The Cruel Prince (The Folk of the Air)

By: Holly Black

For Cassandra Clare, who was finally lured into Faerieland

On a drowsy Sunday afternoon, a man in a long dark coat hesitated in front of a house on a tree-lined street. He hadn’t parked a car, nor had he come by taxi. No neighbor had seen him strolling along the sidewalk. He simply appeared, as if stepping between one shadow and the next.

The man walked to the door and lifted his fist to knock.

Inside the house, Jude sat on the living room rug and ate fish sticks, soggy from the microwave and dragged through a sludge of ketchup. Her twin sister, Taryn, napped on the couch, curled around a blanket, thumb in her fruit-punch-stained mouth. And on the other end of the sofa, their older sister, Vivienne, stared at the television screen, her eerie, split-pupiled gaze fixed on the cartoon mouse as it ran from the cartoon cat. She laughed when it seemed as if the mouse was about to get eaten.

Vivi was different from other big sisters, but since seven-year-old Jude and Taryn were identical, with the same shaggy brown hair and heart-shaped faces, they were different, too. Vivi’s eyes and the lightly furred points of her ears were, to Jude, not so much more strange than being the mirror version of another person.

And if sometimes she noticed the way the neighborhood kids avoided Vivi or the way their parents talked about her in low, worried voices, Jude didn’t think it was anything important. Grown-ups were always worried, always whispering.

Taryn yawned and stretched, pressing her cheek against Vivi’s knee.

Outside, the sun was shining, scorching the asphalt of driveways. Lawn mower engines whirred, and children splashed in backyard pools. Dad was in the outbuilding, where he had a forge. Mom was in the kitchen cooking hamburgers. Everything was boring. Everything was fine.

When the knock came, Jude hopped up to answer it. She hoped it might be one of the girls from across the street, wanting to play video games or inviting her for an after-dinner swim.

The tall man stood on their mat, glaring down at her. He wore a brown leather duster despite the heat. His shoes were shod with silver, and they rang hollowly as he stepped over the threshold. Jude looked up into his shadowed face and shivered.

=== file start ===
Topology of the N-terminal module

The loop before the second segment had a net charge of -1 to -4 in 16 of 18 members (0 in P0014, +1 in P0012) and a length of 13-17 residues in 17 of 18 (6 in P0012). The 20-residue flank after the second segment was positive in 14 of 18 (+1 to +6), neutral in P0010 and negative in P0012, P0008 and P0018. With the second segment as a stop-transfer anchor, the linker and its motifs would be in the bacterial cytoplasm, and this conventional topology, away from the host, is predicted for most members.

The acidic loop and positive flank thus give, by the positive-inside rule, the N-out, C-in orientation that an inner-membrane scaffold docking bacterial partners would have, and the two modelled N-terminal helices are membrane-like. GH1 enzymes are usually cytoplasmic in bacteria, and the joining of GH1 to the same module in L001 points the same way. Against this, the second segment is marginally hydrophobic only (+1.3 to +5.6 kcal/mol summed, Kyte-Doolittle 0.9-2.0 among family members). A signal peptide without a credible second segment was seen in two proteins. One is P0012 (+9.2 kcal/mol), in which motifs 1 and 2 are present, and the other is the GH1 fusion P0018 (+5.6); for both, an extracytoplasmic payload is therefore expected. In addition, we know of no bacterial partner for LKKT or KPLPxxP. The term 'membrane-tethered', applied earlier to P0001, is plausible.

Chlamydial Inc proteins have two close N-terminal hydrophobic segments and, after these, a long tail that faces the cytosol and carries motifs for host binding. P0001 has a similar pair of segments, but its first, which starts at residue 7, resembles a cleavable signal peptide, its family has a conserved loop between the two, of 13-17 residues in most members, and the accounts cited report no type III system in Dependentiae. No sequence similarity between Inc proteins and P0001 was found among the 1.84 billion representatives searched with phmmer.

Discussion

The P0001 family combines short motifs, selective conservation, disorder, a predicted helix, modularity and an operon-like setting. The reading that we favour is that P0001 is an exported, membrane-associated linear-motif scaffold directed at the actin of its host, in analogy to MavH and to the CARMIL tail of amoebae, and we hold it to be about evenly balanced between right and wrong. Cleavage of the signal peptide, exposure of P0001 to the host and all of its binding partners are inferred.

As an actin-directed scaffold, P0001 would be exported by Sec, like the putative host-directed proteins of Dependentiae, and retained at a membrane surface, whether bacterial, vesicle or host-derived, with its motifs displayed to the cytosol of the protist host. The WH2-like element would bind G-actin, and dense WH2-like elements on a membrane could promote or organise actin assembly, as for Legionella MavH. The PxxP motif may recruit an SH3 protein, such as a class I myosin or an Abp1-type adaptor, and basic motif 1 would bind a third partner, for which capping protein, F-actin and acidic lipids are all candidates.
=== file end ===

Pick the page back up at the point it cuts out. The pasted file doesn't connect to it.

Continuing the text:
“Mom,” she yelled. “Mooooooooom. Someone’s here.”

Her mother came from the kitchen, wiping wet hands on her jeans. When she saw the man, she went pale. “Go to your room,” she told Jude in a scary voice. “Now!”

“Whose child is that?” the man asked, pointing at her. His voice was oddly accented. “Yours? His?”

“No one’s.” Mom didn’t even look in Jude’s direction. “She’s no one’s child.”

That wasn’t right. Jude and Taryn looked just like their dad. Everyone said so. She took a few steps toward the stairs but didn’t want to be alone in her room. Vivi, Jude thought. Vivi will know who the tall man is. Vivi will know what to do.

But Jude couldn’t seem to make herself move any farther.

“I’ve seen many impossible things,” the man said. “I have seen the acorn before the oak. I have seen the spark before the flame. But never have I seen such as this: A dead woman living. A child born from nothing.”

Mom seemed at a loss for words. Her body was vibrating with tension. Jude wanted to take her hand and squeeze it, but she didn’t dare.

“I doubted Balekin when he told me I’d find you here,” said the man, his voice softening. “The bones of an earthly woman and her unborn child in the burned remains of my estate were convincing. Do you know what it is to return from battle to find your wife dead, your only heir with her? To find your life reduced to ash?”

Mom shook her head, not as if she was answering him, but as though she was trying to shake off the words.

He took a step toward her, and she took a step back. There was something wrong with the tall man’s leg. He moved stiffly, as though it hurt him. The light was different in the entry hall, and Jude could see the odd green tint of his skin and the way his lower teeth seemed too large for his mouth.

She was able to see that his eyes were like Vivi’s.

“I was never going to be happy with you,” Mom told him. “Your world isn’t for people like me.”

The tall man regarded her for a long moment. “You made vows,” he said finally.

She lifted her chin. “And then I renounced them.”

His gaze went to Jude, and his expression hardened. “What is a promise from a mortal wife worth? I suppose I have my answer.”

Mom turned. At her mother’s look, Jude dashed into the living room.

Taryn was still sleeping. The television was still on. Vivienne looked up with half-lidded cat eyes. “Who’s at the door?” she asked. “I heard arguing.”